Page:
Thursday, November 12, 2009

Hashing alone is NOT a life saver

Hashing is a one way - irreversible algorithm which is used to store passwords in databases.

So - nobody other than you know what your actual password is.

When you create your password - your password will go through the hashing algorithm and the hashed password will be stored in the database.

When you try to login - you enter your password in clear text - then the application will calculate the hash of the entered password and will match that with the hashed password already stored in the database. If matches, you will let in.

How does this make your password safe?

Say somebody hacked in to the database.But - still he cant see your password in clear text. So - he can't login to your account. Hacker will only get access to the hashed password - but not to the password in clear text. Keep in mind - you can't never login with the hashed password. That is bacause - what ever you enter as the password will go through a hashing algorithm and that hashed value will be matched with hashed password in the database. In case if you enter the value you found from the database - which is actually the hashed password - then that will be rehashed by tha application and try to match with the hashed password from the database - which will obviously fail.

But - is this safe enough ?

The hacker who has access to your database can still replace your hashed password with a hash he caculated with a clear text known to him. Then he can login to your account with the clear text known to him - because it will be evaluated against the hash value he replaced in the database.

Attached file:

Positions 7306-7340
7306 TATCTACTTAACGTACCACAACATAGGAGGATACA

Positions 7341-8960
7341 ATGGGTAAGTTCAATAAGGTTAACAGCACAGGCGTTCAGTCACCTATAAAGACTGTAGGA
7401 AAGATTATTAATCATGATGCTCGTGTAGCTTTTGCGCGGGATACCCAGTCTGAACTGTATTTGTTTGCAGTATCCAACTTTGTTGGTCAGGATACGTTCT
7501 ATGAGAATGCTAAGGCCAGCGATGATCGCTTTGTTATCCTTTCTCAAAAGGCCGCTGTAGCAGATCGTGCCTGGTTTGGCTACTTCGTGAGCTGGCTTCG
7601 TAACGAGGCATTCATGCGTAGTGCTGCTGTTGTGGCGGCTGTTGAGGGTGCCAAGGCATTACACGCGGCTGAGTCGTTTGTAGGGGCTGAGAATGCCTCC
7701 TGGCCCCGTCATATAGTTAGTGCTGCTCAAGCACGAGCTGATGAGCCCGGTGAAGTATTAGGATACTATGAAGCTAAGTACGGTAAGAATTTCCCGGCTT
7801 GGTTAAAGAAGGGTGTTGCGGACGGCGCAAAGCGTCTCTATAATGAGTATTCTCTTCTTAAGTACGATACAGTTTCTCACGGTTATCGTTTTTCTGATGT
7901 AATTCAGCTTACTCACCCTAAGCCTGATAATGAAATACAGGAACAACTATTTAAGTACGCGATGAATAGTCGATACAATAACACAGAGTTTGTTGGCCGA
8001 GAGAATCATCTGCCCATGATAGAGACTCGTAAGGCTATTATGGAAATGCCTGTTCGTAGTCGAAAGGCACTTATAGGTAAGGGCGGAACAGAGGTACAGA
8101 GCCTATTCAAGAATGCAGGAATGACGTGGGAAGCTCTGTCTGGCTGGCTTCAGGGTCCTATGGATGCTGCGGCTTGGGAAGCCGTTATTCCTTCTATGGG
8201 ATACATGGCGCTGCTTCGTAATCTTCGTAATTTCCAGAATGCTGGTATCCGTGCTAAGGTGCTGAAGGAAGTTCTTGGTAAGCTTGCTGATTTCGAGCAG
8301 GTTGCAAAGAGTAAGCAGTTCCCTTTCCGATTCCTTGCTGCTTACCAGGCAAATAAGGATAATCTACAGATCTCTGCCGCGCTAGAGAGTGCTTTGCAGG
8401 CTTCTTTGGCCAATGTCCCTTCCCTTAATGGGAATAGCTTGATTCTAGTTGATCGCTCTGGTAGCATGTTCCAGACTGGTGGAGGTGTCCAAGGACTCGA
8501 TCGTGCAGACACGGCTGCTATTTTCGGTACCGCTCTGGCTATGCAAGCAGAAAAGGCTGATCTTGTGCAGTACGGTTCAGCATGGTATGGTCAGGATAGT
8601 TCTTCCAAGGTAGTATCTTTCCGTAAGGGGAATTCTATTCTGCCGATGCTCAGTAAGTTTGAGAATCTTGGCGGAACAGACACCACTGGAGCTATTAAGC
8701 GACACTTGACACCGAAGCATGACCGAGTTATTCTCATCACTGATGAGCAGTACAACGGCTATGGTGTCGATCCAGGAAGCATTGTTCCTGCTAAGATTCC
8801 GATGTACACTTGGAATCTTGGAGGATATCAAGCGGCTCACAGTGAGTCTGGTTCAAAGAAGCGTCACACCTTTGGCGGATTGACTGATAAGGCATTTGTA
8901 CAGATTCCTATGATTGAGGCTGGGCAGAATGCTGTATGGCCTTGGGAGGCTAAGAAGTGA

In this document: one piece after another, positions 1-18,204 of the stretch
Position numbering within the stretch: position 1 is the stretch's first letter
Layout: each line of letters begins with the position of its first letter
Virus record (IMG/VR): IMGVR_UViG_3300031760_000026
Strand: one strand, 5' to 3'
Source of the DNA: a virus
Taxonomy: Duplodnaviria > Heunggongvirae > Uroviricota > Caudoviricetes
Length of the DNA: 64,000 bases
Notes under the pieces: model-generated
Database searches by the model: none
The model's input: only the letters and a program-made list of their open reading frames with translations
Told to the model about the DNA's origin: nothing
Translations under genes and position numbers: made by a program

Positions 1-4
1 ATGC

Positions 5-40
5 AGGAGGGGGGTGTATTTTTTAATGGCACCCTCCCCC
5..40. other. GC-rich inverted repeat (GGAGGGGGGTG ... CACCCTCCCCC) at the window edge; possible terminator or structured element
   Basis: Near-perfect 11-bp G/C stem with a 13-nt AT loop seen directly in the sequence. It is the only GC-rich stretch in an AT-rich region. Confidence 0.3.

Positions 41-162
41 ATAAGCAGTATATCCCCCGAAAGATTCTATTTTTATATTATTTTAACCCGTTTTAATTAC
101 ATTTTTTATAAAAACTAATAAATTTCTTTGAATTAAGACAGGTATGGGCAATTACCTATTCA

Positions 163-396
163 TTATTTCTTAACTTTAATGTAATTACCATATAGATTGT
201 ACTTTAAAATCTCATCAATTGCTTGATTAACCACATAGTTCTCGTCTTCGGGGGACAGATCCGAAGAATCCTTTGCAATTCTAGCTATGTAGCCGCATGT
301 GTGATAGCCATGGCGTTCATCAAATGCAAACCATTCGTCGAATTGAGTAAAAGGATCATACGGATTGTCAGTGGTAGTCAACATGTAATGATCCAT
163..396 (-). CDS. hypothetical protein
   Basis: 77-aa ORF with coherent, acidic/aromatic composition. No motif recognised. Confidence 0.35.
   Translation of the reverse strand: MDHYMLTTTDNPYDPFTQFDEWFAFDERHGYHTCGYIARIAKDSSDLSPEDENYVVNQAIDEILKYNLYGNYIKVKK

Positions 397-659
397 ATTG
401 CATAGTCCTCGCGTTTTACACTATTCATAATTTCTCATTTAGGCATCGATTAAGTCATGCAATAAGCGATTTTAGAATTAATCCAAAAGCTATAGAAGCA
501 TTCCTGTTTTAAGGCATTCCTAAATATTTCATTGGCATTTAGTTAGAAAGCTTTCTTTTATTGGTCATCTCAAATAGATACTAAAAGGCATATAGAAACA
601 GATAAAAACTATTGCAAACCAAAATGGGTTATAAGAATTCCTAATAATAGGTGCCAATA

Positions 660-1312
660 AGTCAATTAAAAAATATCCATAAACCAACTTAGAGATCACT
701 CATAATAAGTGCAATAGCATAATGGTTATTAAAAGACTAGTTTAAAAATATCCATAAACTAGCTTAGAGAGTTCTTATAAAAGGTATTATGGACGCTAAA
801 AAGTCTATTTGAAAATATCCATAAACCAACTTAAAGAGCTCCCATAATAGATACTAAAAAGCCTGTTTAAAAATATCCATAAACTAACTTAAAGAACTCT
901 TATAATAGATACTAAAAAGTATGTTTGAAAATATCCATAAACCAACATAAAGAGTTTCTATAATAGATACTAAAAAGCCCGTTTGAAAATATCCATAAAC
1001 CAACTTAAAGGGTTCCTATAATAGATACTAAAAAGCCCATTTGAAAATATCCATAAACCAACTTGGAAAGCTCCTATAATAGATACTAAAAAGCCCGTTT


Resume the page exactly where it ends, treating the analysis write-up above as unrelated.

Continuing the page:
That is; hashing alone is never safe.

Whenever you store anything in clear text as a hashed value - you need to store it as a salted hash.

In cryptography, a salt comprises random bits that are used as one of the inputs to a key derivation function. The other input is usually a password or passphrase in clear text. Output is the 'salt' value. Now - the application will caculate the hash value of password in clear text + the salt value and store that in the database.

Application will also store the salt value - but for best security, the salt value should be kept secret, separate from the password database.

When a user enters his password for login - the application will retreive the salt value and caculate the hash over both the salt and the entered password - and will match the result with the hash value stored in the password database.

In case a hacker having access to the database replaces the user's password with a hash value of a clear text known to him - still the password verification will fail - bacause now the hash is not just caculated with the password along - it's from both the password and the salt value. In this case if the hacker wants to access user account he should be able to gain access to the database which stores hash values as well.

So - the bottom line is - hashing along is never secure - salted hashing much secure - but all that will make it's hard to break - but never stop from breaking fully.

Although you store clear text passwords as salted hashes - it's never an alternative to not to secure access to the database.


Nabeel Yoosuf said...

Good note for those who implement password based authentication systems. Agree that there is no such thing called 'absolute security'. Instead, we can only raise the bar (difficulty) for attacker to break passwords - salting does exactly that.

Random salting also has the advantage of password indistinguishably; if two users use the same password but random salts, it will produce two different passwords.

If an attacker has access to salts, the effort required to break one specific password is as same as that without a salt. However, if the attacker's intention is to break any password, even with random salt values available to him/her, its much harder to break compared to unsalted hashes.

A good question to think about is to how to separate hashes and salts. Simply having in separate tables won't work; if the attacker has access to hashed tables, there is no reason that prevent the attacker from accessing the salt table.

Another thing is there are some situation where you've got to have the username and password in the clear. For example, database access in an ORM layer. I am not sure if there's a good way to protect such passwords??? other than preventing access to where they are stored - in a file or a table.